Paul Manafort's lawyers argue he's too famous to be a flight risk

Former Trump campaign chairman Paul Manafort's defense team filed a memorandum regarding conditions of his release Thursday, pushing back against the special counsel's allegation that their client is a flight risk, questioning, "where such an individual could even hide?"

In court documents unsealed Tuesday evening, special counsel prosecutor Andrew Weissmann made the case that Manafort and his business associate Richard Gates "pose a risk of flight," according to the memo, presenting the chance that they may attempt to leave the country before their trials. Weissmann's document also cites "strong evidence of their guilt" as a reason to flee and argues that both Manafort and Gates should be placed on house arrest and electronically monitored for the duration of the case.

"Given the substantial media coverage surrounding Mr. Manafort and this investigation, it is fair to say that he is one of the most recognizable people on the planet today," Manafort's defense team wrote in a footnote in the memo. "Query where such an individual could even hide?"

Manafort's lawyers argue that even though he knew he'd be charged back in August, he still traveled and consistently returned to the United States.

The prosecutor's document notes that Manafort had three different U.S. passports with three different numbers. It also states that he registered a phone and an email account under an alias, then traveled abroad with that phone.

Manafort's lawyers say that "it is perfectly permissible" for their client to have multiple passports, which they indicate "individuals who travel abroad extensively no doubt know."

The charges against Manafort and Gates came Monday as a result of special counsel Robert Mueller's investigation into Russian interference in the 2016 U.S. presidential election as well as any potential ties between the Trump campaign and the Kremlin. On the same day they were indicted, Manafort and Gates pleaded not guilty to 12 counts against them, including conspiracy against the United States and conspiracy to launder money.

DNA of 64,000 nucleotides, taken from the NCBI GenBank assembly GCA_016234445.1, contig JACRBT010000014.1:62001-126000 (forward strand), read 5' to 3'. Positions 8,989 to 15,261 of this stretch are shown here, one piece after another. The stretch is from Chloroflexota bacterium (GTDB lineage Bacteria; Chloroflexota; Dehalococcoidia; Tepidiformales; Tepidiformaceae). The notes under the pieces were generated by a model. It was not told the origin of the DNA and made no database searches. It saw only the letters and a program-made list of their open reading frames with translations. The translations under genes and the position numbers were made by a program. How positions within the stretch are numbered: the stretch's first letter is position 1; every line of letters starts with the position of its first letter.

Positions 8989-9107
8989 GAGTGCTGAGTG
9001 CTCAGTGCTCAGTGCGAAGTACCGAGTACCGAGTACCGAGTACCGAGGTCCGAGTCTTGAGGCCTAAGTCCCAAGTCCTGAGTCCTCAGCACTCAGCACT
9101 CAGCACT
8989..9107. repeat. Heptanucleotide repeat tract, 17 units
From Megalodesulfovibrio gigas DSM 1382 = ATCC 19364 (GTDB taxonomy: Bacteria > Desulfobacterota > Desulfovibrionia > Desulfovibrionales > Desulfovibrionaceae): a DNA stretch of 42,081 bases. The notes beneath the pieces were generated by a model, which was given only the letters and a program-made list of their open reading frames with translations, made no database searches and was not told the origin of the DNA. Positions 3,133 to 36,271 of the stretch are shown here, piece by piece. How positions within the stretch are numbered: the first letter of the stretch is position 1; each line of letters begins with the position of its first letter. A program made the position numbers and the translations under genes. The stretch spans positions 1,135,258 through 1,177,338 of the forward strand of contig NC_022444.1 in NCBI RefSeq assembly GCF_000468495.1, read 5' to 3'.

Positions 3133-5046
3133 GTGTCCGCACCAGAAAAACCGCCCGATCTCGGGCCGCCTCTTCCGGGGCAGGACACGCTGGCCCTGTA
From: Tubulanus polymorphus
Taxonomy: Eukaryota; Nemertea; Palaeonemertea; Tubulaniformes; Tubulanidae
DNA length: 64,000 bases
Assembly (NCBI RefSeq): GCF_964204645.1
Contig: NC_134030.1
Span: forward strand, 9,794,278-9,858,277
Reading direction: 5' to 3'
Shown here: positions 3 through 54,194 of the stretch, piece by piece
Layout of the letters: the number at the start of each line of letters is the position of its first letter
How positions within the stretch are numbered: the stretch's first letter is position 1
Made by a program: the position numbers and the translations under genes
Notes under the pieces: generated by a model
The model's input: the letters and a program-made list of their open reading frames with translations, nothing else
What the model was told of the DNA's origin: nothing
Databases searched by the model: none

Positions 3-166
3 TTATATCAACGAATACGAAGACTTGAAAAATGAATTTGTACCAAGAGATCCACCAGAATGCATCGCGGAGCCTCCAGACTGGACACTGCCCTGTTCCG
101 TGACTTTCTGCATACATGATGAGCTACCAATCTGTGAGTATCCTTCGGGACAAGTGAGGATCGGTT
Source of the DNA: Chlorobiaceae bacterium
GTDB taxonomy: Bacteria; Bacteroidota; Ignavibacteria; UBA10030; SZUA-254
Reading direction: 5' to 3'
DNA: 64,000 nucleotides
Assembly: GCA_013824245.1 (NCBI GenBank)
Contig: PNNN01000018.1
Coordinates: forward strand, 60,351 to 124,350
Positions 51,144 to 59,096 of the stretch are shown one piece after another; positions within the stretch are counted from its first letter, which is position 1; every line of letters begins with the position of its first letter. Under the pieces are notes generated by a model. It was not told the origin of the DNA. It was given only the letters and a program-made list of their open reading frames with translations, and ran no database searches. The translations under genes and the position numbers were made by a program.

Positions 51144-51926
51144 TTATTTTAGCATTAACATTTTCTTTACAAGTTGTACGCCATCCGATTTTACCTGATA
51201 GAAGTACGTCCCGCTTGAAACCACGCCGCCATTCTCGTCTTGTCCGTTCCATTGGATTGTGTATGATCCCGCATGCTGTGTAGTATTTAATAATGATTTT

"Mr. Manafort has strong family and community ties and does not pose a serious risk of flight," Manafort's lawyers wrote in the memo.

Manafort's defense team claims that the money laundering charges against their client are founded in "a tenuous legal theory," and that once those charges are dropped, the max sentence decreases significantly. They also note the legal history surrounding the DOJ's Foreign Agents Registration Act.

"The Government's case also concerns whether Mr. Manafort was required to file a report as a foreign agent with the U.S. Department of Justice," the memo reads. "The U.S. Department of Justice has only brought six criminal FARA prosecutions since 1966 and it has secured only one conviction during this period."

Manafort and Gates are currently on home confinement until their status hearing Thursday afternoon in which conditions of their release will be a key focus.

Neither Manafort nor Gates has a criminal history, the court filing notes, and their bails are set and $10 million and $5 million, respectively, subject to their house arrest and electronic monitoring. Manafort faces a 12 1/2- to 15 1/2-year sentence and Gates faces 10 to 12 1/2 years.

Also on the day of their indictment, the special counsel disclosed that former Trump campaign aide George Papadopolous pleaded guilty in October to lying to the FBI in Mueller's investigation.

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    Blair Guild is a politics reporter and video producer for CBS News Digital.